The Parts of a Gastropod Shell
by Peggy Williams
When you try to identify shells from the shell books, it's important to understand the terminology that describes the shell. Here are some of the terms:
If you hold the shell with the aperture towards you and down, the animal will be standing on its head! At the top of the shell in the position is the apex, consisting (if it's not broken off) of the protoconch. The protoconch is the larval shell, consisting of 2-4 whorls (turns of the shell) and it can tell you a lot about the animal's lifestyle.
If the protoconch is especially large and bulbous (fat) for the size of the shell, that animal probably lays eggs that crawl directly out of the egg case when they hatch. Other mollusks have a swimming larval stage which can last from a few hours to up to a year, depending on the species. Needless to say, these animals need lightweight shells to maintain their position in the water until they are ready to settle to the bottom and start growing, so the protoconch will be small and quite often broken off. Direct-developing eggs (that crawl out of the egg case) need to be larger and stronger to survive on the bottom with all its predators, so the protoconch is heavier.
The sculpture (raised lines) of the protoconch often helps to identify the shell, especially in cases where there might be several choices of species.
Below the protoconch are the adult whorls. They generally increase rapidly in size (according to a measureable formula) and are usually 5-9 in number. Of course, each whorl covers up the "lower" part of the preceding whorl, so the final or body whorl is the only one you can see in its entirety.
Usually you can see the division between the whorls, called the suture. Often the shell has a little shelf at the "top" of the whorl called the shoulder. If there are spines on the shell they are usually at the shoulder, and there may be additional ones on the body whorl.
The opening through which the animal protrudes is the aperture, or mouth, with an outer lip and an inner columella. Often the lip is thickened, which helps to protect the shell from being broken by crab claws. If the thickness is pronounced, it is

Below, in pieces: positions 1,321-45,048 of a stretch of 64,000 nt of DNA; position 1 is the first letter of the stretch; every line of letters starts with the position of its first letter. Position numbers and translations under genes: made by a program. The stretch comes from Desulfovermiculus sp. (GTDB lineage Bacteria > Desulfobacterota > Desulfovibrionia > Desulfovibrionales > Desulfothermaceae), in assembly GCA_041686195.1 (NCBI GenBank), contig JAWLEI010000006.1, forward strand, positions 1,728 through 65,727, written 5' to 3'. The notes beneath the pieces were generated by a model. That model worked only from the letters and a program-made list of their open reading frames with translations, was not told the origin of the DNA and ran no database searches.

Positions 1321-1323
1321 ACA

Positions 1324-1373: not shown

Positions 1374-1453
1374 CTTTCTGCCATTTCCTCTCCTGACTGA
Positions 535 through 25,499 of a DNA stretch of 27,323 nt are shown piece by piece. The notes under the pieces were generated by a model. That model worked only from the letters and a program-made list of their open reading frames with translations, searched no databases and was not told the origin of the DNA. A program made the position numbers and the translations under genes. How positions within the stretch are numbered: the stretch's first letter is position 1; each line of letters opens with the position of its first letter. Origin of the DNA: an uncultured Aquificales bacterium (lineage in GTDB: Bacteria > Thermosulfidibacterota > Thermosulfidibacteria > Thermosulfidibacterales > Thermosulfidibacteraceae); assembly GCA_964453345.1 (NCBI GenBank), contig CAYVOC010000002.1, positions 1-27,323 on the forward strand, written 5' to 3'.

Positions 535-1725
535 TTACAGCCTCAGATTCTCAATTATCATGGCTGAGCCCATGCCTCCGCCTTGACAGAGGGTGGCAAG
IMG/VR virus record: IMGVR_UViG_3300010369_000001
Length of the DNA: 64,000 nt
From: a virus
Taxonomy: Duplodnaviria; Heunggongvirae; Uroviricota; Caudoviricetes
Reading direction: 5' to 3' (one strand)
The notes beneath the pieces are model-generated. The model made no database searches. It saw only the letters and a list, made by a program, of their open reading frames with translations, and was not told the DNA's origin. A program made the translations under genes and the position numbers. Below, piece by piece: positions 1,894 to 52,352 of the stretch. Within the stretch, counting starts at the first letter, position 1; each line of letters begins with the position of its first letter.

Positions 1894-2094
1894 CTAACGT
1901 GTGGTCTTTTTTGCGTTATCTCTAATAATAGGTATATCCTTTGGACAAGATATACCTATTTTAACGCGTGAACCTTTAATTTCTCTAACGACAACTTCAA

called a varix, and some animals dissolve the varix when they grow more shell and some don't. The latter will have thickened vertical places on the early whorls called previous varices (plural of varix). One group, the Distorsios, have not only a thick varix but many teeth on both the outer lip and the columella which makes the opening especially small. This family does not dissolve the varix or teeth when growing, so it has to grow over that old shell material, distorting the shell.
Some molluscan families have a final, adult whorl which looks different from the previous whorls. A good example is the Strombus family, the "conchs". All of the immature whorls have a thin lip, without a varix or any other thickening. However, when they approach adulthood, they add a wide, flaring lip to the final whorl. This adds weight to the shell and protection for the animal as it moves below the shell.
At the "lower" end of the aperture is the opening through which the animal protrudes its siphon, which is the breathing, eating, and sensing organ. It crawls along with the siphon extended ahead of the shell to sniff out its environment and prey. To protect the siphon as much as possible it builds the siphonal canal, a partial tube which just fits the siphon. Generally, rock-dwelling mollusks have a long siphonal canal to better protect the siphon while sand-burrowing mollusks can extend the siphon far beyond the siphonal canal, above the surface of the sand when they are buried.
Raised or incised lines, spines, and knobs help strengthen the shell without making it too heavy. Each species has a unique series of sculpture features - that's how we tell the different species apart without DNA! Raised or scratched lines can be spirals (around the whorl) or ribs (across the whorl). If there are both spirals and ribs they may make little squares in the surface of the shell - this is called cancellate sculpture - and sometimes knobs are formed at the intersections.
Smooth shells are usually sand-burrowers, the better to bury, or cowries, which hide below rocks and cover the shell with part of their bodies.